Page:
pet show - no blue textIf you’re a dog lover, like I am, then Crufts is your cup of tea. Watching this delightful event on telly, I find myself laughing out loud, or sometimes shedding a tear, as these bouncing, bright-eyed and always endearing four-legged friends go through the trials of the competition.

Crufts is the world’s largest dog show. Crufts began in 1891 and is reknown as the “greatest dog show in the world.”  Crufts is to dogs what Chelsea is to flowers. Guinness Book of Records calls it the “largest dog show.”  Whatever Crufts celebrity status mid-March is a date on the calendar that many of us look forward to.  I certainly do.  Bring on the Bow-Wows!

Last year 21,947 pedigree dogs from all over the planet entered the show. 150,000 happy visitors attend, more than 5,000 of them are from overseas and come specifically for this show, held in the National Exhibition Centre in Birmingham.  It is now 120 years since the first Crufts was staged by dog lover and entrepreneur Charles Cruft at the Royal Agricultural Hall, Islington.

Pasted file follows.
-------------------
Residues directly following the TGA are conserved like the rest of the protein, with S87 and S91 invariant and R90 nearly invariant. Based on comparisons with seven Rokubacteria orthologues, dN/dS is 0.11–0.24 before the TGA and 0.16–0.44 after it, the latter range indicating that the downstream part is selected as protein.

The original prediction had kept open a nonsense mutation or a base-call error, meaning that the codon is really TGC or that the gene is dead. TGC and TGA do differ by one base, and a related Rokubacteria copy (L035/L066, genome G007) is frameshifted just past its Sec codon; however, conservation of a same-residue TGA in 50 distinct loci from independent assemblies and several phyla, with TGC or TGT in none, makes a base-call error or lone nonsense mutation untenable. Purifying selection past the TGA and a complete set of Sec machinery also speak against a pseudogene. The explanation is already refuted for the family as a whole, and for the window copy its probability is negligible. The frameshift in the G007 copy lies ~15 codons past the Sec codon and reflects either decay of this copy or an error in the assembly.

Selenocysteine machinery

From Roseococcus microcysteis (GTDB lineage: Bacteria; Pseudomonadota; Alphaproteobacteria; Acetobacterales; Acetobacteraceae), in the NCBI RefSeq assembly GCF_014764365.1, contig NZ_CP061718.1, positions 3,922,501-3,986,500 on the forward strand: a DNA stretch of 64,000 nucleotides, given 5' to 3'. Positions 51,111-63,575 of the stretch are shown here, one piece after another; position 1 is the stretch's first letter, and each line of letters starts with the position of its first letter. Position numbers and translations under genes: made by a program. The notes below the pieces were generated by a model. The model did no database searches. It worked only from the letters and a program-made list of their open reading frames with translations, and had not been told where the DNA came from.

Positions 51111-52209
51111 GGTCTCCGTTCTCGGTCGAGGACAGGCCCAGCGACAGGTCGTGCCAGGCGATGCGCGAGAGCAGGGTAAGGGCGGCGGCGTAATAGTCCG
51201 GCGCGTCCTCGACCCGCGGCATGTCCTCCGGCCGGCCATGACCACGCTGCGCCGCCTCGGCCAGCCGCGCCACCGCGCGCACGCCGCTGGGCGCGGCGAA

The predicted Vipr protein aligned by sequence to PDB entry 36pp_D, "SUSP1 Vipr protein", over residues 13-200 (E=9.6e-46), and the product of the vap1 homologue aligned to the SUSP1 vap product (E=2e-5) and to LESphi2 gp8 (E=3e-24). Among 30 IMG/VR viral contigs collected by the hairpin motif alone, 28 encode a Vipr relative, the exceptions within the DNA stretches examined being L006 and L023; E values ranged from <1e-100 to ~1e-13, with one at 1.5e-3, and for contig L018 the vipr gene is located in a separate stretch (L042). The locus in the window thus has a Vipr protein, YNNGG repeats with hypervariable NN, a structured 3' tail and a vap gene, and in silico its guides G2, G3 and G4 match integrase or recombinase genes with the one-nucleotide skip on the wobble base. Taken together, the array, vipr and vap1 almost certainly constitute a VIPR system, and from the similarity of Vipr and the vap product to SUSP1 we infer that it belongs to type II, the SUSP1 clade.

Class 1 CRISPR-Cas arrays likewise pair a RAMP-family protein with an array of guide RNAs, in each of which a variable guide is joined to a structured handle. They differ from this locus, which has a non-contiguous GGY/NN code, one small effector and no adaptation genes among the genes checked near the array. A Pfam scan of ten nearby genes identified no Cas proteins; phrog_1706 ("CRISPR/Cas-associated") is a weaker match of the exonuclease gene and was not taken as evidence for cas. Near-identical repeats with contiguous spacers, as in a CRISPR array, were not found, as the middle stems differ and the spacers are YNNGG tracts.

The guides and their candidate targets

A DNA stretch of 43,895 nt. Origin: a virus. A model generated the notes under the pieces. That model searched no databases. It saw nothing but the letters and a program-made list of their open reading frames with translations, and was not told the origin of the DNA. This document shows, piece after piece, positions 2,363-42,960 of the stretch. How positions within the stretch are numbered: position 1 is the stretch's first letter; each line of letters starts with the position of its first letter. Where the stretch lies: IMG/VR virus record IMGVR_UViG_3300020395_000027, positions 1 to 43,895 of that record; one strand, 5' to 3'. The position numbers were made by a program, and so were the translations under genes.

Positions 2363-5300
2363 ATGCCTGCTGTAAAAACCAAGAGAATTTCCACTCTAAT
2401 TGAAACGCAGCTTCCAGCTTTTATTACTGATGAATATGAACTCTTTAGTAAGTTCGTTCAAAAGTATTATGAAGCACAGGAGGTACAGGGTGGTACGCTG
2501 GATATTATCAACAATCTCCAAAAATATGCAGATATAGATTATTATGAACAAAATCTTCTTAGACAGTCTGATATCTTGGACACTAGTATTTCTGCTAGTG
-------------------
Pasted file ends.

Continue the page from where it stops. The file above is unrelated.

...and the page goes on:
The opening show attracted 2,000 dogs.  Charles Cruft created a magic formula which still works today.  It’s the combination of dogs, trade and publicity which keeps Crufts at the top.  After Charles’s death his wife ran the show until 1939 when she sold it to the Kennel Club.  The venue moved to Olympia, then to Earl’s Court.  For the last 20 years it’s been held at the NEC in Birmingham.

500 trade stands sell everything your best friends might need, from treats to portraits.  The competition demands obedience, agility, heel work, and demonstrations of working dogs of all kinds.  The breed with the highest number of entries is the Golden Retriever, but this popular breed has never won Best in Show.  The Cocker Spaniel is the breed with the most frequent Best in Show, followed by the Irish Setter and Welsh Terrier.

2014’s Best in Show was a Standard Poodle called Ricky, although my personal favourite was the Scottie.  This year the Kennel Club has been bombarded with complaints that there are “too many foreign dogs.”

One of my happiest moments in early spring is when I curl up in front of the fire to enjoy three or four days of the delightful antics of these happy-go-lucky, loyal pets of every size, colour and personality.

Mrs M

Crufts Dog Show
National Exhibition Centre

March Thursday 5 – Sunday 8

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